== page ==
This series of posts is about an 11-day liveaboard trip throughout the Galápagos Islands aboard the Deep Blue with the Master Liveaboard Fleet. Having shot several thousand images, I thought to share a few more here than on my other social channels, but be sure to check out my Instagram, TikTok, Youtube and Twitter for more. This part is about diving at Cabo Marshall at the northwestern tip of Isabela Island. Have a look at the other posts in this series.
When I woke up the next morning, we had already moved to the eastern side of Isabela Island, where we would be diving at Cabo Marshall. This location was specifically known for its occurrence of the critically endangered Oceanic Manta Rays (Mobula birostris).
I was looking forward to these dives as I had never seen oceanic manta rays in the water but only observed them from a boat and through the screen of my drone. Last year, Luke Gorden and I published a scientific paper in the PeerJ Journal, providing the first photographic evidence of their occurrence in Fiji’s waters. And the craziest thing is that they’re found right off Fiji’s capital Suva! Whoever is interested in having a look at the paper (or just looking at a few drone images which we published), head over to the PeerJ webpage, where you can download it. But back to the Galapagos Islands.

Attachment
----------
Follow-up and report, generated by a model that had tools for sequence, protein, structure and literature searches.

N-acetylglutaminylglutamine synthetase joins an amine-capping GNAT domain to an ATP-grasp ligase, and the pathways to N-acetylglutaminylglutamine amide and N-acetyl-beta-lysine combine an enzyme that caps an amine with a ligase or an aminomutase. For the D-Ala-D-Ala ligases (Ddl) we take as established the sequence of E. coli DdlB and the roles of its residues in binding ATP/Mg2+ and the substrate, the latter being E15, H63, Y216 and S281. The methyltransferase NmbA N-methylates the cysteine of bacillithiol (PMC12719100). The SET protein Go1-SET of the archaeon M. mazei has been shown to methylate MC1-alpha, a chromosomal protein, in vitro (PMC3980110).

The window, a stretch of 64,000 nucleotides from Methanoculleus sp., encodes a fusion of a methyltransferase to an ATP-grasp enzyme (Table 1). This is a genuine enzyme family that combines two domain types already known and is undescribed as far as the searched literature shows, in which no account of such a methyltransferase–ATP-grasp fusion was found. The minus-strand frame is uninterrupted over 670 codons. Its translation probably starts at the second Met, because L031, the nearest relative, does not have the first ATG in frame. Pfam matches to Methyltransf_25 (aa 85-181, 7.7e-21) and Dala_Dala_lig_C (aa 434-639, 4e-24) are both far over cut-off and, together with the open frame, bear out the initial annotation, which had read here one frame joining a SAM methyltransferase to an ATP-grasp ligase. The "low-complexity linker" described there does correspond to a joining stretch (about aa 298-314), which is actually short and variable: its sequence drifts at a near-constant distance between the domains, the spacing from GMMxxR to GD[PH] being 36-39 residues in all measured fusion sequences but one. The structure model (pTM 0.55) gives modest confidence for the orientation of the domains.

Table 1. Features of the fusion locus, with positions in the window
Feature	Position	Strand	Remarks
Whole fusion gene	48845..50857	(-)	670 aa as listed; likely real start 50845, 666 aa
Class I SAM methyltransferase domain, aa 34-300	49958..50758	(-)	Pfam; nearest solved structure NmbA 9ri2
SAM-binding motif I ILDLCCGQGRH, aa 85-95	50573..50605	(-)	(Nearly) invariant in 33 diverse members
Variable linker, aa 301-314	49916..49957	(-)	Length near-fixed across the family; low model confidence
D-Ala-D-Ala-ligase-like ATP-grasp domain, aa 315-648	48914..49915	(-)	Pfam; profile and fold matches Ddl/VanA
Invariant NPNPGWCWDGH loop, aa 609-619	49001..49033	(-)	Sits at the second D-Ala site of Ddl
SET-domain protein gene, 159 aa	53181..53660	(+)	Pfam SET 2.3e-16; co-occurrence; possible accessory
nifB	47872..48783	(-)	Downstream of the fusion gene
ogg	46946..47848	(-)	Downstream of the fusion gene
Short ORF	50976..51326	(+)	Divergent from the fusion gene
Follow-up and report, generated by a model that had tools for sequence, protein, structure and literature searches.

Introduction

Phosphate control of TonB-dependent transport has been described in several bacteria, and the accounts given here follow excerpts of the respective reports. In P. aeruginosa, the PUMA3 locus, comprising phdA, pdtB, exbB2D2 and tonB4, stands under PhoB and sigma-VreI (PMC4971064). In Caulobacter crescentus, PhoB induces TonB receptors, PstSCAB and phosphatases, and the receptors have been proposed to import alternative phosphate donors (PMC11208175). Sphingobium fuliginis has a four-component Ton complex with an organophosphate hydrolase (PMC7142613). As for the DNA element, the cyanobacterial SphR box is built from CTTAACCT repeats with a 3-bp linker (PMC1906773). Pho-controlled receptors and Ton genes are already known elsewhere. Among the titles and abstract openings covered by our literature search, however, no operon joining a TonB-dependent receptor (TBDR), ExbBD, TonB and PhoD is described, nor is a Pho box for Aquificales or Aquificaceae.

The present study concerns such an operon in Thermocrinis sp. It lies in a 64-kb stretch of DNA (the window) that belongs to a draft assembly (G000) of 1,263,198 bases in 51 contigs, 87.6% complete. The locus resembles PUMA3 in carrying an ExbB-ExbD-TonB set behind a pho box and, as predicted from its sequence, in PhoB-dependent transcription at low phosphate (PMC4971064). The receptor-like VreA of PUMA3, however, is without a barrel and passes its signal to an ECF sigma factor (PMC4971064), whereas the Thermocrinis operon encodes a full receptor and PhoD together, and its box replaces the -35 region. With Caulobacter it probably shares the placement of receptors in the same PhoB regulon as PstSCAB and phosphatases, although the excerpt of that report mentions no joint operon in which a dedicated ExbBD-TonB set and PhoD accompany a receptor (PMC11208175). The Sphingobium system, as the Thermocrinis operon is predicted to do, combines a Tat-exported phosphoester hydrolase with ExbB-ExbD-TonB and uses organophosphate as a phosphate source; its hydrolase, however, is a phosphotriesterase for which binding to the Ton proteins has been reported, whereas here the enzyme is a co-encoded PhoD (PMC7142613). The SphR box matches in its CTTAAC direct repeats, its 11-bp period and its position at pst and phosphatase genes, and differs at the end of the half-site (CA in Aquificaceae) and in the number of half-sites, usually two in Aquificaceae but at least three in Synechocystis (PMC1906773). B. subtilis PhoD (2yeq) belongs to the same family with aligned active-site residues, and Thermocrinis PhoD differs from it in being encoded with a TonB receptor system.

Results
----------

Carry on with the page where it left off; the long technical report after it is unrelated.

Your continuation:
By now, the dive deck was a closed group, and everyone knew the process well. The dive site was very close to shore, and the plan of the dive was to make our way parallel along the shoreline in depths of 10-20m. Unfortunately, as we entered the water, we were hit by rather bad visibility.
Nevertheless, right after dropping in, a large oceanic manta ray approached me out of the blue, and I managed to snap an image, but due to the bad visibility, it vanished quickly out of sight. We continued the dive but were unlucky for the rest of it, and besides spotting large groups of Pacific Creolefish.
For the second dive, we moved a few kilometres south to try our luck there but again weren’t lucky. We did get to see a beautiful eagle ray, a large yellow-fin tuna passing by in the blue and two rather small scalloped hammerheads kept following us, but we had yet to see the majestic manta rays close-up.
We moved back to the first location for the third dive, hoping that the tides had done their magic and the visibility would have improved. And indeed, it was much clearer – this had to be the dive! We basically repeated the first dive and followed the shoreline passing a few potential cleaning stations and looking out for any manta ray action. When I heard the shaker, I knew we had found them!
We spent the last minutes of the dive with the ray, which kept coming back and circling us. I managed to snap a few images, and although the visibility was overall still not the best, it was a great experience witnessing these large rays close-up and personal. Having seen reef manta”s quite a few times here in Fiji, I think this particular individual wasn’t the largest but rather the size of the large reef manats we get in Fiji, but that leaves me with a great incentive to come back 😛 If there weren’t enough already..
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Tom Vierus is an award-winning photographer, filmmaker, and marine biologist based in Suva, Fiji Islands. This blog is dedicated to his assignments and to sharing some behind-the-scenes footage.